Talking Points: does freedom of speech mean you can say whatever you want?

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Compiled by Jamie Lam

Hate it when you can’t talk back? Well, you can with Young Post. Have your say and share with students around Hong Kong

Compiled by Jamie Lam |
Published: 
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Nicole Shing Hiu-ching, 15, Ma On Shan Tsung Tsin Secondary School

Intelligent people must know they can’t just say whatever they want. If someone says something in a way that is even slightly rude, the other person can get very angry or feel sad. Words have the power to hurt people, which is why we should speak with care. We should respect other people.

On the other hand, if we express our views politely, we can share them with others without any problems. Society should be peaceful, without any sort of social conflict.

I think everyone should be careful about what they say and consider others’ feelings – only then can we enjoy freedom of speech.

Alex Fung, 17, Workers’ Children Secondary School

I really don’t think so. We still have to stay within the laws. Although we have the right to express our opinion, some things are forbidden by law, such as talking about independence for Hong Kong.

We need to start taking responsibility for what we say – and that’s not just because we have to abide by the law; it’s the right thing to do. You can’t, for example, abuse someone just because you don’t like them and call that freedom of speech. That’s using a right we have to be rude and disrespectful to others. It should not be allowed to happen in a civilised society.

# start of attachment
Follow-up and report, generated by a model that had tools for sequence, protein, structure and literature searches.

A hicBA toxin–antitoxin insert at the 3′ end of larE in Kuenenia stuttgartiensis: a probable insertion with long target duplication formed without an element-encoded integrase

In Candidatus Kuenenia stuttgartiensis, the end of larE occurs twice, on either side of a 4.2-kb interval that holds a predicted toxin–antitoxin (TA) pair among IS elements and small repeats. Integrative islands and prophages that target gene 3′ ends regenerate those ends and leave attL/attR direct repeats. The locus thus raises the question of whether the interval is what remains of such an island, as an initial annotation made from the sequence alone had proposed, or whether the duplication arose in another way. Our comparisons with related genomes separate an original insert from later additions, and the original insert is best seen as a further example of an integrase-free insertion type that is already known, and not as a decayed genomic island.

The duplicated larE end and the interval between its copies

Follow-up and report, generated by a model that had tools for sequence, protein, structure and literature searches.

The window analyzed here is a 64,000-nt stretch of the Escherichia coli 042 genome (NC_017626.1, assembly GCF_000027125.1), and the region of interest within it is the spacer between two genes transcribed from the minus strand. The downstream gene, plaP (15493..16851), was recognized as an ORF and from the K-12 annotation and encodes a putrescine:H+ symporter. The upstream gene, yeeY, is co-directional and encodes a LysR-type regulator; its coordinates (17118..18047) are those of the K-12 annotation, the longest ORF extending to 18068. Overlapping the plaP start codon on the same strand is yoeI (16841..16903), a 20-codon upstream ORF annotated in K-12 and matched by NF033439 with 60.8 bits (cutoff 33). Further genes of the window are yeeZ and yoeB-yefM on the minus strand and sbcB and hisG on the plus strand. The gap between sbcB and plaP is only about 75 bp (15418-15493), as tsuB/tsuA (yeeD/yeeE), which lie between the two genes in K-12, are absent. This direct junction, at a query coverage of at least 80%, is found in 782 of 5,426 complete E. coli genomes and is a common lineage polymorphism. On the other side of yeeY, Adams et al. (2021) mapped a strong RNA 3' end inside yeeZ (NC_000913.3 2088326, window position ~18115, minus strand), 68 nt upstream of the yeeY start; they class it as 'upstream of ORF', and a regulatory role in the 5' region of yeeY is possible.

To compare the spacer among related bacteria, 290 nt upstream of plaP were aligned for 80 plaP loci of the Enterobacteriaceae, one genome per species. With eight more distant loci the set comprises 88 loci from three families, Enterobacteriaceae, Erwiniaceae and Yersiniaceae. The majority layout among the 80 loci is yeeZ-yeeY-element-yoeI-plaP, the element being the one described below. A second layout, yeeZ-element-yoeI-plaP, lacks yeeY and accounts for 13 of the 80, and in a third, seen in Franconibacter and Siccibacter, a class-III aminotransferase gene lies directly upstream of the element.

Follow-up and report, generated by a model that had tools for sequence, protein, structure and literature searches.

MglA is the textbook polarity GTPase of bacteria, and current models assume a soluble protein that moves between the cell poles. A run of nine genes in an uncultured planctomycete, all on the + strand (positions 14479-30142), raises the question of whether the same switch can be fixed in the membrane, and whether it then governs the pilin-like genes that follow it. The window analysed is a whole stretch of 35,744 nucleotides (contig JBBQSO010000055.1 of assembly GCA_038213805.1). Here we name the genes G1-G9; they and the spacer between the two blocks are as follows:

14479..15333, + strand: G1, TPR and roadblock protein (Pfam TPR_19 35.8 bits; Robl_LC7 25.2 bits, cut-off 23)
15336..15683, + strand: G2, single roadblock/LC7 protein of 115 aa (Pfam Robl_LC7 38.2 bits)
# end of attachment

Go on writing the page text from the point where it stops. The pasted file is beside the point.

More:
Sumayea Mahmud, 18, St. Margaret’s Girls’ College

I would say no. Yes, freedom of speech allows people to express their opinions without any interference from the government and debate controversial topics, but some of us take our ideas and opinions too far.

For example, if a person gives a hate speech, it will hurt many people and may even cause social conflict. But the speaker will defend their actions by saying they’re exercising their right to freedom of speech. It’s very important that we don’t abuse this cherished tradition.

Tiffany Lim, 13, Tak Nga Secondary School

Freedom of speech refers to the right to express an opinion without any restrictions. But even though we have that freedom, we should know when to be quiet, too.

We all have something called a conscience – a voice tells you whether your behaviour is right or wrong. It’s how you feel when you tell a white lie or when you’re rude to someone. We can do all these things because we have freedom of speech.

This freedom is a very powerful tool which has been used to fight evil and bring joy and harmony to the world. But just like when we tell a lie or we are bad to someone, it can also be used by people to cause harm to others.

Kary Tong, 15, St. Paul’s School

Even though we have the right to speak freely, we should be careful about what we say. We should not equate freedom of speech with the belief that we can say whatever we want. Examples of this kind of abuse are hate speeches and racist comments.

Even when we criticise the government, we have to choose our words carefully. This is because though we’re not supposed to talk about things like independence which go against the Basic Law, there are no concrete definitions on what we can and can’t say. So, can we say for sure that we even have freedom of speech in Hong Kong? Who makes those decisions?

Our topics always get a lot of responses. Check out what other students had to say and join the conversation at Young Post's website

In our next Talking Points, we’ll discuss:

Should fathers get the same amount of parental leave as mothers?

We are now accepting your answers for this topic. To take part, email your answer with your name, age, and school, along with a nice, clear selfie (make sure it’s not blurry), to [email protected] by lunchtime on Monday. Don’t forget to include “Talking Points” in the subject line.

Edited by Ginny Wong

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